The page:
W.L. Gore & Associates has received FDA approval to expand the indication of the Gore Cardioform Septal Occluder to reduce the risk of recurrent ischemic stroke in patients. The device treats patients through the closure of patent foramen ovale (PFO).
Cardioform’s previous indication was for the closure of atrial septal defects that are up to 17mm in size.
Gore’s Structural Heart Leader, Jake Goble said Cardioform has the potential to redefine stroke prevention. Goble began working for Gore in 2007. It was around that time the company began to explore the possibility of having the Cardioform focus on stroke prevention.
“One of the things we noticed in the literature early on was the connection between PFO and stroke reduction,” Goble, told MD+DI. "We thought this would be ideal for applying into this space of PFO closure.”
Here’s the premise behind the device. In a portion of patients there is a conduit between the right and left side of the heart that doesn’t close after birth. In a subset of these patients there could be clots that could form and break free. The clots could pass from the right to left side of the heart.
These clots aren’t necessarily filtered by the body. The unfiltered clots have an open highway to go anywhere on the arterial side and could potentially end up affecting the blood vessels of the brain causing a stroke.
“Our device is designed to close that door between the right and left side of the heart to prevent future clots from moving unfiltered,” Goble said.
The expanded indication was supported by the REDUCE study. Results from REDUCE were published in the New England Journal of Medicine in September 2017 and presented at the European Stroke Organization Conference (ESOC) last May.
REDUCE shows that Gore’s Cardioform was able to demonstrate that PFO closure with ongoing medical management provided a relative 77% stroke risk reduction, compared to medical management alone.
REDUCE also met its co-primary endpoint of reducing new brain infarct, including silent stroke, by nearly 50%, the company said. Patients are unaware of having a silent stroke, which carries an increased risk of clinical stroke, dementia, and cognitive dysfunction.
Goble said the company would look for other potential applications outside of stroke for the Cardioform technology.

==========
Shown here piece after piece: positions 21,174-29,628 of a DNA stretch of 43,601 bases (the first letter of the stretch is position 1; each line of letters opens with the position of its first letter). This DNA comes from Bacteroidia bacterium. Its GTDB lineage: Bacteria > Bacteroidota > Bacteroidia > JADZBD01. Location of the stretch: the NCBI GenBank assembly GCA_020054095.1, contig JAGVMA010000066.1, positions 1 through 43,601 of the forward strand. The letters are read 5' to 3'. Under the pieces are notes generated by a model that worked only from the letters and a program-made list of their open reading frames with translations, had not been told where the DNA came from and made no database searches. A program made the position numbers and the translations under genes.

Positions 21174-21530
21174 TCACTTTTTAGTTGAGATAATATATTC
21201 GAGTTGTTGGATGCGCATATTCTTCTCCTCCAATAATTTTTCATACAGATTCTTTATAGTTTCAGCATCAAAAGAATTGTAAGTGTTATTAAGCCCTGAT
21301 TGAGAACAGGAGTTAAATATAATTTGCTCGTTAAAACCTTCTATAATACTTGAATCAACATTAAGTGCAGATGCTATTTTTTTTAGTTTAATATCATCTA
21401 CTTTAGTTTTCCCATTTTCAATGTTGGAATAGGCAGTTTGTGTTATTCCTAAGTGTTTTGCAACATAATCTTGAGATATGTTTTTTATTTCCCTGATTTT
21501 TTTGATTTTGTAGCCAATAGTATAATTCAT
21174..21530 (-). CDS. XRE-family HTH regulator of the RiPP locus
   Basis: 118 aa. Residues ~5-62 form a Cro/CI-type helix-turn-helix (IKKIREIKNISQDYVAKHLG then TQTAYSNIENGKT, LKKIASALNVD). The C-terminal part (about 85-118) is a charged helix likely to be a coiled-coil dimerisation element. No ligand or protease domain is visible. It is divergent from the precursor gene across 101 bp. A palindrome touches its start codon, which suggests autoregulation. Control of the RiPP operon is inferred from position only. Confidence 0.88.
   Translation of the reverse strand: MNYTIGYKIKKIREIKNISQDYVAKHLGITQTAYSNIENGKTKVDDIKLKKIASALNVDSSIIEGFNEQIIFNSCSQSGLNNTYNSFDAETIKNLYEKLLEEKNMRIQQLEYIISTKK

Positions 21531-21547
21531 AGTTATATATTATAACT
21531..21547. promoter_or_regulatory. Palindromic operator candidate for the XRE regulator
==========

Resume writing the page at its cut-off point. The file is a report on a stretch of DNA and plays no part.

"There are many other applications where patients afflicted with certain maladies have a higher prevalence of PFO,” Goble said. “These include things like migraine and sleep apnea … just to name a few. Gore is committed to advancing care in this arena. We think we have a fantastic device that can benefit the patient and can be implanted safely.”
Cardioform is the second device to gain this indication. St. Jude Medical’s Amplatzer technology gained approval for the indication back in October of 2016. However, the device now falls under Abbott Laboratories umbrella, since the company acquired St. Jude Medical in January of 2017 for $25 billion. St. Jude gained access to the Amplatzer when it acquired AGA Medical in 2010.
Abbot's St. Jude had strong data in getting its PFO closure device to market. Results from St. Jude's RESPECT clinical trial were published in the September 2017 NEJM issue. Abbott noted that RESPECT offered the most extensive patient follow-up, collecting more than two times the amount of follow-up of any other PFO trial.
In addition to a 45% reduction in risk for recurrent stroke, results from RESPECT highlighted the strong safety profile of the Amplatzer PFO Occluder, with low risk of device- or procedure-related complications and no increased risk of adverse events such as atrial fibrillation.
The stroke indication has been notoriously difficult for some companies to obtain. Boston, MA-based NMT Medical went bankrupt pursuing the stroke prevention indication.